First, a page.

A little more than 2 months ago, I said goodbye to someone. Not “see ya later.” Not “I’ll call you when I get home.” There was no more of that. This was goodbye, this one was final.

My heart speeds up as I write this and I hadn’t realized it, but I’m holding my breath. Writing this is so necessary for my healing, yet I’m stumped. I don’t know how to put into words exactly how I feel because mentally, I’m exhausted.

Dad was diagnosed with Stage IV lung cancer in September of 2014. He fought it hard with the same tenacity that he approached everything but this was different. We all knew it. The question wasn’t “could he beat it?” but “how long do we have?” Despite this, he responded well to the first round of chemo – miraculously in fact. The tumors shrunk, they were still there, but they shrunk to a size that amazed the Oncologist. So after a round of radiation, they put him on a maintenance drug. When the cancer returned with vengeance, back on the chemo Dad went. As successful as the first round went, this round was the opposite. Dad lost more weight and was smaller than I had ever seen him. Shortly after the second round of chemo began, they decided to stop it, and hold out hope that the newest drug approved for lung cancer would be available for Dad after the annual trip to the beach. Though I don’t know for sure, my guess is that by the time the beach rolled around the cancer had further spread from his bones and lungs to his other organs. He was in constant pain, exhausted, and ate less and less. After a particularly difficult day, he agreed to go to the ER, and was admitted to the hospital, treated and released. I should have known things weren’t good.  

The trip back from the beach was the worst trip of his life and probably my mother’s life. The day after our return, he was admitted to the hospital at home, and wouldn’t leave there. His lungs began to fill with fluid, and that was it.

The last conversation that I had with my Dad gave me hope. We talked about the embargo being lifted from Cuba and what possibilities laid ahead in international policy. I should have known then.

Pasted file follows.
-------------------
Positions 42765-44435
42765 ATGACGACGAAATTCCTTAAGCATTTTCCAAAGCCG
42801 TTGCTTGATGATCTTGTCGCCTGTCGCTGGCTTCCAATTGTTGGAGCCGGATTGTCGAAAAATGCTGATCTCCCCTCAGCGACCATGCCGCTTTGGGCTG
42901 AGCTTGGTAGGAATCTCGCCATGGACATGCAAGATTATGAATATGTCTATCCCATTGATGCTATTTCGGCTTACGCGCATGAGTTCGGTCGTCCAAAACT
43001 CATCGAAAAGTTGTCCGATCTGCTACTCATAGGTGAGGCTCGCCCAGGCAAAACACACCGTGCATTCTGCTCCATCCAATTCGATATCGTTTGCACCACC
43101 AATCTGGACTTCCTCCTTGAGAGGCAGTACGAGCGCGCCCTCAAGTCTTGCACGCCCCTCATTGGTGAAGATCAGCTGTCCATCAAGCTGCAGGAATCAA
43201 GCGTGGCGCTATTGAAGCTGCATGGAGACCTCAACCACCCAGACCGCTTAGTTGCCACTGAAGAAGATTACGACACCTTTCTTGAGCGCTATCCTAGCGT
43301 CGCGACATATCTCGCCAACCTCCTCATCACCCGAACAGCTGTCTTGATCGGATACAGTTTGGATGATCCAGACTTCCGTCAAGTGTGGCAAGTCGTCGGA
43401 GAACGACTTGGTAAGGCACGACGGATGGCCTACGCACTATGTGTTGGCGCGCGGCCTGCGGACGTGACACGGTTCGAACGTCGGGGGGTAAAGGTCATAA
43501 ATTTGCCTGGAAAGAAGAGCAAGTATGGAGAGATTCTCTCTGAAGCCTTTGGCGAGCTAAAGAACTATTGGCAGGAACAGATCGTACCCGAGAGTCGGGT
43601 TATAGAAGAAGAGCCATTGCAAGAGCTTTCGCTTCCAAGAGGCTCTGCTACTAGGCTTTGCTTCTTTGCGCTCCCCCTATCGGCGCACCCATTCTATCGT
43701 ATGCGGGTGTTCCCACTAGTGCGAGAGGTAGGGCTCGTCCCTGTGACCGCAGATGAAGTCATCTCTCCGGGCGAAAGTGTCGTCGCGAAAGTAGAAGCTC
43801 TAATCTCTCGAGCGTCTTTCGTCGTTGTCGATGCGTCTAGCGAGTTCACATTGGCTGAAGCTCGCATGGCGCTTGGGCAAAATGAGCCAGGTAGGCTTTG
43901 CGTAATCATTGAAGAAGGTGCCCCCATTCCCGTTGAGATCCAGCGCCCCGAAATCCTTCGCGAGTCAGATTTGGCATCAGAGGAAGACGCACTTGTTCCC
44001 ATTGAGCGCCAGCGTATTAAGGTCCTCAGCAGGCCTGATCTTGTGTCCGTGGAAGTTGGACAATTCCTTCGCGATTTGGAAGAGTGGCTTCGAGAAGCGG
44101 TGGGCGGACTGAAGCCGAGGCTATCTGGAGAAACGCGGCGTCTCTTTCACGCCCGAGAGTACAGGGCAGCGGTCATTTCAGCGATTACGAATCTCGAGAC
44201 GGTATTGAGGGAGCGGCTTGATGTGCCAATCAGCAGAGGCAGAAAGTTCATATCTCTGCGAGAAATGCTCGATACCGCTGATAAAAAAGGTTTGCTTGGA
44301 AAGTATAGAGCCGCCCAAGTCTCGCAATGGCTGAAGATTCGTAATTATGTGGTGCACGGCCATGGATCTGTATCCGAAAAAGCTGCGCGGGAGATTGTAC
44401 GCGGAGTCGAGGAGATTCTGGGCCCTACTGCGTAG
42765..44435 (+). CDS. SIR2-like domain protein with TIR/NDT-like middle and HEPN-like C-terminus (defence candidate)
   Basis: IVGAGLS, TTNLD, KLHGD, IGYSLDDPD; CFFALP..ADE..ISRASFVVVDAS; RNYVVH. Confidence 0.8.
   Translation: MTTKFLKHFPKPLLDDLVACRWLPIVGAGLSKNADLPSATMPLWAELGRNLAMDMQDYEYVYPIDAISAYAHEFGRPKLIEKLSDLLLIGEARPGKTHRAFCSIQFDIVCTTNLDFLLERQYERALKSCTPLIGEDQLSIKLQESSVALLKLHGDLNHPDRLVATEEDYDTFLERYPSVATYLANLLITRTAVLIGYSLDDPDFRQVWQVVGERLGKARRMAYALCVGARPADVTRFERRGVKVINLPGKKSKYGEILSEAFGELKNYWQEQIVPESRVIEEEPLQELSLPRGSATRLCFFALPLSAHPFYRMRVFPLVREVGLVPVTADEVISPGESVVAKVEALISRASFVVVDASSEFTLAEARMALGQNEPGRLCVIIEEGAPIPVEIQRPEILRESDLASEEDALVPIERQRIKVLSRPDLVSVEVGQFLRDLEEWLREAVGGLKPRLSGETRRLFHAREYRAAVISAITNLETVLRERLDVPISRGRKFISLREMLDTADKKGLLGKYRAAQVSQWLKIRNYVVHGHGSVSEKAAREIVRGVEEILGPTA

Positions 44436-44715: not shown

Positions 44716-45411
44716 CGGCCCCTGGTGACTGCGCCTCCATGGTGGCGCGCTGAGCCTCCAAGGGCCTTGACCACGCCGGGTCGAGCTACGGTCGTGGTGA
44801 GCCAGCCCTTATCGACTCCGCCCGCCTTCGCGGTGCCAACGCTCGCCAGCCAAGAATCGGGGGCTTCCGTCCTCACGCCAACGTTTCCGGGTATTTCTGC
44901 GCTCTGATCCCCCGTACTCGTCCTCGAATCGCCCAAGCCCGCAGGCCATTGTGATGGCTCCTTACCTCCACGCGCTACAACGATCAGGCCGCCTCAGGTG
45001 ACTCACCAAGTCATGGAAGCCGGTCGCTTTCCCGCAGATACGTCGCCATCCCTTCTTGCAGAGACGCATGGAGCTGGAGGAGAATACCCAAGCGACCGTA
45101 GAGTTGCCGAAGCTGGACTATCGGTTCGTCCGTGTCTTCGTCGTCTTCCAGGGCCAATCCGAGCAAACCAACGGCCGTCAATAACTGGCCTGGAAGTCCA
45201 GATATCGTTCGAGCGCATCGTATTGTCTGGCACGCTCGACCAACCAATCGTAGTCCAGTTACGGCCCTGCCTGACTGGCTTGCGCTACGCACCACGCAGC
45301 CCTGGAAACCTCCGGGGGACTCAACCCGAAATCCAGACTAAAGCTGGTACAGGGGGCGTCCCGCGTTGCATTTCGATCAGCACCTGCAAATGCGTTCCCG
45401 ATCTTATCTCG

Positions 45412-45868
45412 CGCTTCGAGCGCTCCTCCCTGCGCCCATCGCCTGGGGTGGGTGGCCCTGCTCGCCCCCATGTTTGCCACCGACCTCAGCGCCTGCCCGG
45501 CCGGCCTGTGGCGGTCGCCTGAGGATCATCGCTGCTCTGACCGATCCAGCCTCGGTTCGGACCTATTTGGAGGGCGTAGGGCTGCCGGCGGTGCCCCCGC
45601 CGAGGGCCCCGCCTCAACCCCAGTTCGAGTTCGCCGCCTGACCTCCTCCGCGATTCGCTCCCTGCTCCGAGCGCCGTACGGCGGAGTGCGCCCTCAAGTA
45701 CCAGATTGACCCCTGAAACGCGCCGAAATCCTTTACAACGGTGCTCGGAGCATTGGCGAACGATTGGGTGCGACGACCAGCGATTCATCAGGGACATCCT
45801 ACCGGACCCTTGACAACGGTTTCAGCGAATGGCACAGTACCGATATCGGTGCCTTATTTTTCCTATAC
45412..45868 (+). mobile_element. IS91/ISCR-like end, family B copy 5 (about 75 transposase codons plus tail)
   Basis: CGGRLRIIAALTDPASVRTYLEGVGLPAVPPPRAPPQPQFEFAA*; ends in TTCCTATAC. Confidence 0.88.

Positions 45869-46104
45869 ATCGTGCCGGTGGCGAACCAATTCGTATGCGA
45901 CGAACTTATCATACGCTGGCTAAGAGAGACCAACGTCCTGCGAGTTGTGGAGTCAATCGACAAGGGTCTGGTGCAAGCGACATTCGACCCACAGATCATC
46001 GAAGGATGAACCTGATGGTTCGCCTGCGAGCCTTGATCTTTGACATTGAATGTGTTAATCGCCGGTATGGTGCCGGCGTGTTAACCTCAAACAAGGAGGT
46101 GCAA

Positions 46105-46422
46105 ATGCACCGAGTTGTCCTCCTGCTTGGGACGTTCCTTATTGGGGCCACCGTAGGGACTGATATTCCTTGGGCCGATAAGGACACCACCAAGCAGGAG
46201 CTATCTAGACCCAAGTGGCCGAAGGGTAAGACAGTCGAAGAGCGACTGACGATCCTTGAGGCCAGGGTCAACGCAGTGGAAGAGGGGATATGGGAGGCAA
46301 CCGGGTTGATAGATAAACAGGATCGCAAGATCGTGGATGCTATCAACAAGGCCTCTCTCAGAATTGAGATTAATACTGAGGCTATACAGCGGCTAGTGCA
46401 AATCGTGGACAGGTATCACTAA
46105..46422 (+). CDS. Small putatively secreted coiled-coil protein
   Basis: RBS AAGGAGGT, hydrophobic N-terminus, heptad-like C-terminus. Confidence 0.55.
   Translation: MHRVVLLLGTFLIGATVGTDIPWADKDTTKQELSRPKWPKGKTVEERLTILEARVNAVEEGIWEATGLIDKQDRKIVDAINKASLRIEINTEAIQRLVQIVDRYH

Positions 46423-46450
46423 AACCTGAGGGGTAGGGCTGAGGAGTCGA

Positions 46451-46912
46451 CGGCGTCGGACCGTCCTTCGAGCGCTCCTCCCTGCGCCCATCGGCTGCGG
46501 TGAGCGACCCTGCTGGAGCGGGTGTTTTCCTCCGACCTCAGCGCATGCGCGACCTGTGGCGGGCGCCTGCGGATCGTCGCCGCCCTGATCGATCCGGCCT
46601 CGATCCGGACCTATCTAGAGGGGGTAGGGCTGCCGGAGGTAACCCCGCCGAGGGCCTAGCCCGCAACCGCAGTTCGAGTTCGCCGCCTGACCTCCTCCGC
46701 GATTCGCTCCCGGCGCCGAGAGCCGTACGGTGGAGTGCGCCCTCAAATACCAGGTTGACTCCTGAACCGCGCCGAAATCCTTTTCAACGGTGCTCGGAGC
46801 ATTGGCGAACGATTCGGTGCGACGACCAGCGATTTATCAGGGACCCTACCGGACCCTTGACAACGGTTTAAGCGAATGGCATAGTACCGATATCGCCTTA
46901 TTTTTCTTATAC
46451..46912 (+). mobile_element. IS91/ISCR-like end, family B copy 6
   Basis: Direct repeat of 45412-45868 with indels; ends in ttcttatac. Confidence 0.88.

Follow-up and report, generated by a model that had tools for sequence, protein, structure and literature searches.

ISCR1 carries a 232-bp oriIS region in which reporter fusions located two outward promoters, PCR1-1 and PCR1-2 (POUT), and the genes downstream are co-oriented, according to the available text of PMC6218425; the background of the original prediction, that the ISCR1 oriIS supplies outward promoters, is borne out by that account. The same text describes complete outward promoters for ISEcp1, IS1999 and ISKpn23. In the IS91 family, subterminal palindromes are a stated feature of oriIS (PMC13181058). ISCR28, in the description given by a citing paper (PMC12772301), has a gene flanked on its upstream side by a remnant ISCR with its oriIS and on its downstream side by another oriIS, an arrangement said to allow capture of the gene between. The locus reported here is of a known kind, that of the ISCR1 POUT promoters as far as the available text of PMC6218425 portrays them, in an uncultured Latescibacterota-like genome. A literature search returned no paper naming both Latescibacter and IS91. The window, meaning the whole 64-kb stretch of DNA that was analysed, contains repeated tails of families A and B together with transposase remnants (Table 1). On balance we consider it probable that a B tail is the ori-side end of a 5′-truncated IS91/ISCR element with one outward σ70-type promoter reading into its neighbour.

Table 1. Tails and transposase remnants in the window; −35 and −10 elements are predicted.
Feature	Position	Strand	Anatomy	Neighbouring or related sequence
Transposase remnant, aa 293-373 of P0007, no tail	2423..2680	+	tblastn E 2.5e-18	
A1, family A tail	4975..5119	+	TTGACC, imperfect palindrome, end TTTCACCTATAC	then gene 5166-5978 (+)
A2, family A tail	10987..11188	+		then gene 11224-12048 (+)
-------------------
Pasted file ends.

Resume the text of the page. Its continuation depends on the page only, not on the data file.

I write this knowing that I stared blankly at a screen full of technicality. I didn’t speak at Dad’s memorial. I couldn’t bring myself to say what he meant means to me.

How do I say goodbye to the man who taught me how to ride a bike? Who chased down the boy who stole my bike from our driveway in DE? Who patiently, (and probably scared shitless) taught me to drive around Northern VA drivers, then drive a stick on the hills of Pittsburgh. The man who taught me that honor is something that you have to be able to find within yourself and not in anyone else. He taught me loyalty. When I wanted to quit baseball, he (and Mom) said, you don’t quit something just because; you need to show up for your team mates. He taught me about family. You take care of your own. Despite having had surgery on his ankles, he flew up to Pittsburgh in 2013 to help his sister with their dying father. He was there with Grandad when he took his last breath and said that he would always be thankful that he could be there to talk him through that. At least I can say that I was able to talk Dad through that. I was there when he took his last breath. A few hours before that happened, he and I looked at pictures of the beach, and Izzi and everything he loved and my God, I wouldn’t change that for anything.

My Dad wasn’t always there. He dedicated his life to the Coast Guard. He spent many birthdays and holidays on a boat protecting my freedom. As a kid, that’s hard to understand. As an adult, and now parent, I get it. He loved us. He took care of us the best way that he knew how and the best part was that he loved his job. He fought hard for what he loved.

I don’t now how to say goodbye to him. I see so much of him in my daughter. I worry that she won’t remember him, and how much he loved her. I worry that I’ll forget how his voice sounded and how we could get together and just sit. Not always having to say something but enjoying the time spent. I’m heartbroken that there are milestones that we never got to hit together, and it’s too late now. I worry about my Mom. I worry about my brother. I worry about the rest of my family which seems to be in constant turmoil of late.

Saying goodbye was never supposed to happen this soon. Yet. Here we are. I’m rambling in a blog post about how I miss my Dad. That’s the most true thing about me right now, even if everything else seems so unclear right now. This grieving process is not for the faint of heart, but at least, I can use one of the lessons that he taught me: Fight for what you love.

I love you Dad. I’m fighting for your memory. I’m fighting for our family and more importantly, I’m fighting to live life everyday. No matter what kind of day it is.